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P43 Hyperpolarised xenon-129 MRI of lungs in healthy volunteers: a safety & feasibility study
  1. S Safavi1,
  2. J Thorpe2,
  3. B Haywood2,
  4. M Barlow1,
  5. IP Hall1
  1. 1University of Nottingham Medical School, Nottingham, UK
  2. 2University of Nottingham School of Physics and Astronomy, Nottingham, UK


Introduction Conventional proton MRI, although non-invasive and non-ionising, is of little value in imaging the lungs due to poor signal intensity. Hyperpolarised xenon-129 MRI (129Xe-MRI) is a novel technique developed to enhance the applicability of MRI in lung imaging. It has the potential to provide not only anatomical data but also regional lung function data, particularly as xenon is highly lipophilic, and can be use as a gas exchange probe.

Aim We aimed to assess the feasibility and tolerability of 129Xe-MRI in healthy adult volunteers.

Method This was a single centre prospective observational study. Ethical approval had been obtained. The volunteers had provided written informed consent. A GE 2000 polariser was used for production of hyperpolarised 129Xe, with a 1.5T GE MRI scanner for imaging.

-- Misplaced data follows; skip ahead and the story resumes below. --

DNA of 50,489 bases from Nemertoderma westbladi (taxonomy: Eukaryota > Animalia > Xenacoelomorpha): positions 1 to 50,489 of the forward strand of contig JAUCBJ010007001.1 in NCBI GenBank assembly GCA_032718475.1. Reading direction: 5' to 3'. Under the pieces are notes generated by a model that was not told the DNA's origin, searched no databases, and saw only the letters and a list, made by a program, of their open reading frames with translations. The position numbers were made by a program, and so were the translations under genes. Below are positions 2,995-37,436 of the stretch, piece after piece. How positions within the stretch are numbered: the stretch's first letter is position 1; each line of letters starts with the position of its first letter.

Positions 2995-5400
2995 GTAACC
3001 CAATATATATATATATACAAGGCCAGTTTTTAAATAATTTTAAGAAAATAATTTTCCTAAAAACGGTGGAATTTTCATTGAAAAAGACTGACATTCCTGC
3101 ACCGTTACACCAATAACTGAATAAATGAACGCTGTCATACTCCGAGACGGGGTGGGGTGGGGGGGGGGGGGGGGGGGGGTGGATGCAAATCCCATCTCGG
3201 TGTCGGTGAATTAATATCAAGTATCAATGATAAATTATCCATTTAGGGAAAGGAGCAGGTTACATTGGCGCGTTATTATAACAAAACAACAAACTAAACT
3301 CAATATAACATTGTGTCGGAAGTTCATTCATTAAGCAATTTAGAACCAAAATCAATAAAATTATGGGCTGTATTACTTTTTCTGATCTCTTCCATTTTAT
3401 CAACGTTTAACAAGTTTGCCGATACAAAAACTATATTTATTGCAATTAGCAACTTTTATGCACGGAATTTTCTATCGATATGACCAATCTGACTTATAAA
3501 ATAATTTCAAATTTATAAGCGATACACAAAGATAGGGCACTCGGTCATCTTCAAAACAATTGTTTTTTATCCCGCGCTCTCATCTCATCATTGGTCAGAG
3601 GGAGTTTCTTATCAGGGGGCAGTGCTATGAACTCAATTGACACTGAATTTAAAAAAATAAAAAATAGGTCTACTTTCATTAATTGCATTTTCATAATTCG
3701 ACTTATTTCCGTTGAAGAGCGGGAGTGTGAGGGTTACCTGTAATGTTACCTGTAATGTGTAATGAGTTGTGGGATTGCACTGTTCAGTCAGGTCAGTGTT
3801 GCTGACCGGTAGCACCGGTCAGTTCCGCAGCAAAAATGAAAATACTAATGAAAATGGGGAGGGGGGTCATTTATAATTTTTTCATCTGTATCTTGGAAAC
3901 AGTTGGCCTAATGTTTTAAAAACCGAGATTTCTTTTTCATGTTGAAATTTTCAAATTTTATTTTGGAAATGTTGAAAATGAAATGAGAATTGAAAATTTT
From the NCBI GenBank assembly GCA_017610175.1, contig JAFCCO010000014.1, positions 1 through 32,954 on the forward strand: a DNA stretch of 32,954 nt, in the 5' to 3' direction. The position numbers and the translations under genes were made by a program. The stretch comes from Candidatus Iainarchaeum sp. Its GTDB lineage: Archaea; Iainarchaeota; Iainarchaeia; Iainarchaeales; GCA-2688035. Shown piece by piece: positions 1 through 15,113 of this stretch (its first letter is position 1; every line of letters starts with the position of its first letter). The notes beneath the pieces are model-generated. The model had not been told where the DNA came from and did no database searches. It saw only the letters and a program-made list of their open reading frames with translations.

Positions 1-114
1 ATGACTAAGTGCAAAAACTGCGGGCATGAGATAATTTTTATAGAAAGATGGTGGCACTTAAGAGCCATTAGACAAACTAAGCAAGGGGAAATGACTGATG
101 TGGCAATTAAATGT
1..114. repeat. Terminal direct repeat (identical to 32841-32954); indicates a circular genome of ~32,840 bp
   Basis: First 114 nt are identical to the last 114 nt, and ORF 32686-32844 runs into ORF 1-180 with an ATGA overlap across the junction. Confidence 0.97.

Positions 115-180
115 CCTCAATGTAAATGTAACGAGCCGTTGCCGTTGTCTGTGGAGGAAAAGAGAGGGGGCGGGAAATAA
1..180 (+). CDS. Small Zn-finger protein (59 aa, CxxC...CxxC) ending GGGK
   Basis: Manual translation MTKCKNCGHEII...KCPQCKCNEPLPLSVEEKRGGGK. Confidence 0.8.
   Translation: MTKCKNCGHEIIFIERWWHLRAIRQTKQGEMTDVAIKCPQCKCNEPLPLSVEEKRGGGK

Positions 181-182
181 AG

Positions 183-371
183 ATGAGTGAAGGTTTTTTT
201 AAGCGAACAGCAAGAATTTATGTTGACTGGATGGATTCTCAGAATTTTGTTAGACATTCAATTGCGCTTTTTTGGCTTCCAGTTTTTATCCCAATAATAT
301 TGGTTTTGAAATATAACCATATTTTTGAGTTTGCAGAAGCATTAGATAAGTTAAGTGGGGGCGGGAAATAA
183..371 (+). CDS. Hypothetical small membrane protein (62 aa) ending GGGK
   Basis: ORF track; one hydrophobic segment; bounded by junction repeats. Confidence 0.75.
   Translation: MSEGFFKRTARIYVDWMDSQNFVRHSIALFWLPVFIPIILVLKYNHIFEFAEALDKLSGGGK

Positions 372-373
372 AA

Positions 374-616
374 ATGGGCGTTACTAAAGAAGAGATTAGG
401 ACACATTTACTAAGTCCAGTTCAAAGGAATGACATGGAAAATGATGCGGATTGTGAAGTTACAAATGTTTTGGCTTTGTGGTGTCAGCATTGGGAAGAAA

The volunteers underwent a conventional MRI thorax, followed by 129Xe-MRI of lungs. The inhaled volume of hyperpolarised 129Xe ranged 0.6–1.0L. There was 30 minutes of observation with recording of vital signs, i.e., oxygen saturations (O2 sats), heart rate (HR), and blood pressure (BP) at 5, 10, 15, and 30 minutes post-inhalation of xenon, after each scan. Each visit comprised of a maximum of four scans.

Results Nine volunteers (male: female 8:1, aged 20–34) underwent 28 scan visits, comprising of 102 scans. 129Xe-MRI was well-tolerated, with no serious adverse events. The polarisation achieved ranged 4.10–10.57%.

To assess the impact of inhaling xenon on vital signs as a safety measure, the recorded vital signs were analysed using student’s t-test. There was no significant change in O2 sats or BP. The most notable change was noted in HR, which was persistently reduced following inhaling xenon (p < 0.001). These changes were not deemed clinically significant.

We achieved good image quality (Figure 1). Spectroscopy distinguished lung tissue-dissolved xenon from blood-dissolved. Dissolved phase imaging (DPI) was obtained. The technique was reproducible.

Discussion The data demonstrates satisfactory feasibility and tolerability of 129Xe-MRI. DPI can image regional gas exchange. 129Xe-MRI may be used to develop biomarkers of disease progression, and assess drug efficacy, to personalise medicine, reduce healthcare costs, and lower cost and duration of drug development.

Abstract P43 Figure 1

25 mm coronla plane (top row) and axial plane 129Xe-MRI of a healthy volunteer

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